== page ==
Growing up with a single mother in San Benito, Texas, the hometown of Tejano star Freddy Fender was not easy for blues singer Charley Crockett. Hitchhiking across the country exposed Crockett to the street life at a young age, following in the footsteps of his relative, American folk hero Davy Crockett, who also lived a wild life on the American frontier. After train hopping across the country, singing on the streets for change in New Orleans’ French Quarter, busking in New York City and performing across Texas and Northern California, Crockett set off to travel the world and lived on the streets of Paris for nearly a year before searching for home in Spain, Morocco, and Northern Africa.
The blues artist returned home to Texas and released his debut solo album titled A Stolen Jewel in 2015, receiving critical acclaim in Dallas and ultimately landing him a Dallas Observer Music Award that year for “Best Blues Act”. A record “rich with Southern flavor, a musical gumbo of Delta blues, honky-tonk, gospel and Cajun jazz,” Jewel proved that Crockett, born into poverty in the Rio Grande, had come home to make his musical mark on the South. Crockett, who is self-described as elusive, rebellious and self-taught, has been compared to legends like Bill Withers, Merle Haggard, and Gary Clark Jr.
He released his sophomore record In The Night, an admirable nod to his Texas country and Louisiana blues roots, in 2016 and played over 125 shows that year. “In the Night” and Crockett’s song “I Am Not Afraid” received international recognition from top tastemakers after being picked by NPR Music as one of the "Top 10 Songs Public Radio Can't Stop Playing” and selected by David Dye to be featured on World Cafe in late July. The Fort Worth Star-Telegram called it “an impressive calling card, full of Crockett's plaintive soulfulness and swinging tempos" and Central Track noted the artist as having "the well-rounded songwriting capabilities of Van Morrison and a vocal approach that finds common ground between Bill Withers and early Dr. John." Crockett graced the cover of Buddy Magazine in May 2016, who called him “the archetype of the new American vagabond.”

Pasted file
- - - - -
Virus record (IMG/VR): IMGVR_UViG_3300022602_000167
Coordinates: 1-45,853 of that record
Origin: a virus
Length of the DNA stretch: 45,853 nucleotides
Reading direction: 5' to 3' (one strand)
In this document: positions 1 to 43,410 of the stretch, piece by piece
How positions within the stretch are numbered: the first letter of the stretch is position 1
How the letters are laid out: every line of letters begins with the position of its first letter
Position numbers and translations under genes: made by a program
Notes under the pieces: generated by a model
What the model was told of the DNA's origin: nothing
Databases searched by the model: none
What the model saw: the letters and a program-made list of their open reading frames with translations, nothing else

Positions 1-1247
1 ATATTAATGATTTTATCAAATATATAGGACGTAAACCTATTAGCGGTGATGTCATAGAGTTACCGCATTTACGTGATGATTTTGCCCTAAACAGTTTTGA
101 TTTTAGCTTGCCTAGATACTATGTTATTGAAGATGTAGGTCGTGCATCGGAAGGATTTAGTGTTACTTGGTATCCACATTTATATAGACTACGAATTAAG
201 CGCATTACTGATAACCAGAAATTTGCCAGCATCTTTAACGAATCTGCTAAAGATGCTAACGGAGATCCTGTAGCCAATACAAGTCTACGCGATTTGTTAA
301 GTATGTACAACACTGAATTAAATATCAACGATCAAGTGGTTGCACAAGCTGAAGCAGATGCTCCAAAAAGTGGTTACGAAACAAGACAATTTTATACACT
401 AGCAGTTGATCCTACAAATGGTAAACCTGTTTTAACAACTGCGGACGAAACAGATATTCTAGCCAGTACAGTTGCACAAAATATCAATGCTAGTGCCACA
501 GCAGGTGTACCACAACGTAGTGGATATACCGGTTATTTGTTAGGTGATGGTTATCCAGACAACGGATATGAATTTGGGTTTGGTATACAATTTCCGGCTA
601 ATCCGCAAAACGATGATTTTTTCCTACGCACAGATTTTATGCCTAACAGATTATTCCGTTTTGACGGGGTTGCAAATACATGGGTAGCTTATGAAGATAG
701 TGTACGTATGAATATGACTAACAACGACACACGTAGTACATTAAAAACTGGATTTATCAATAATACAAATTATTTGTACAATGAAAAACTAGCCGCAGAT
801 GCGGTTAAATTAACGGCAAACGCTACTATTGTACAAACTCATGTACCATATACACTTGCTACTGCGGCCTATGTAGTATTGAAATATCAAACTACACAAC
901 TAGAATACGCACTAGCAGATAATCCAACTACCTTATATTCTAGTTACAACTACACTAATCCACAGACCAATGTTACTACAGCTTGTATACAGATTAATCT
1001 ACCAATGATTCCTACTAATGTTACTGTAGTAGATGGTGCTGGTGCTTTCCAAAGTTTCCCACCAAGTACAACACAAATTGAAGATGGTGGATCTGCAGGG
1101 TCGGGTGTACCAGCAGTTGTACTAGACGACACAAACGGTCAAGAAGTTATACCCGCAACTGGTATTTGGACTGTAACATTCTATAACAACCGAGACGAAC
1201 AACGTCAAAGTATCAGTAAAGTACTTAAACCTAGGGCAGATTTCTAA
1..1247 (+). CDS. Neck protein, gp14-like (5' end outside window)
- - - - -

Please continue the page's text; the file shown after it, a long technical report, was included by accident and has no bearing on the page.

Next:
In 2017, he’s spent the year building a large fan base across the country with his much talked about live show while selling out shows in his native Texas and surrounding states. He’s remained on the road most of the year appearing at top festivals like Pilgrimage and Americana Music Fest, as well as touring with the Turnpike Troubadours, Lucero, ShinyRibs, Samantha Fish, Old 97’s, and others.
In all this, he still found time to get back to Austin, Texas to record a collection of his favorite honky tonk songs called Charley Crockett presents Lil G.L.’s Honky Tonk Jubilee which will be his first release under his new label deal with Thirty Tigers(Jason Isbell, Sturgill Simpson). The album drops 9/8/2017, and features songs originally performed by Hank Williams, Ernest Tubbs, Loretta Lynn, Tanya Tucker, Roy Acuff, Webb Pierce, and other great heroes of honky tonk. “Playing on the streets of New Orleans I heard traditional Jazz, Blues and Country all day long. Young folks were playing it everywhere. Especially the travelers. New York, Nashville, Texas, the Colorado Rockies, California.” Crockett said. “ I love this music. It's the blues and it feels good to sing. A lot of folks are imitating this sound and for good reason. It's the American struggle. It has the kind of soul that's hard to find nowadays and all I know is you gotta get a lot of mud on you before you can make folks believe you when you sing these songs. You just can't fake it. I’ve lived these songs, I wanted to walk alongside and pay my respects to the artists and songwriters who went through so much to give us this music we still know and love today.”
He has shared the stage with artists like Justin Townes Earle, Turnpike Troubadours, Leon Bridges, Lucero, Citizen Cope, Alejandro Escovedo, Joe Ely, Sean Hayes, Tab Benoit and many others.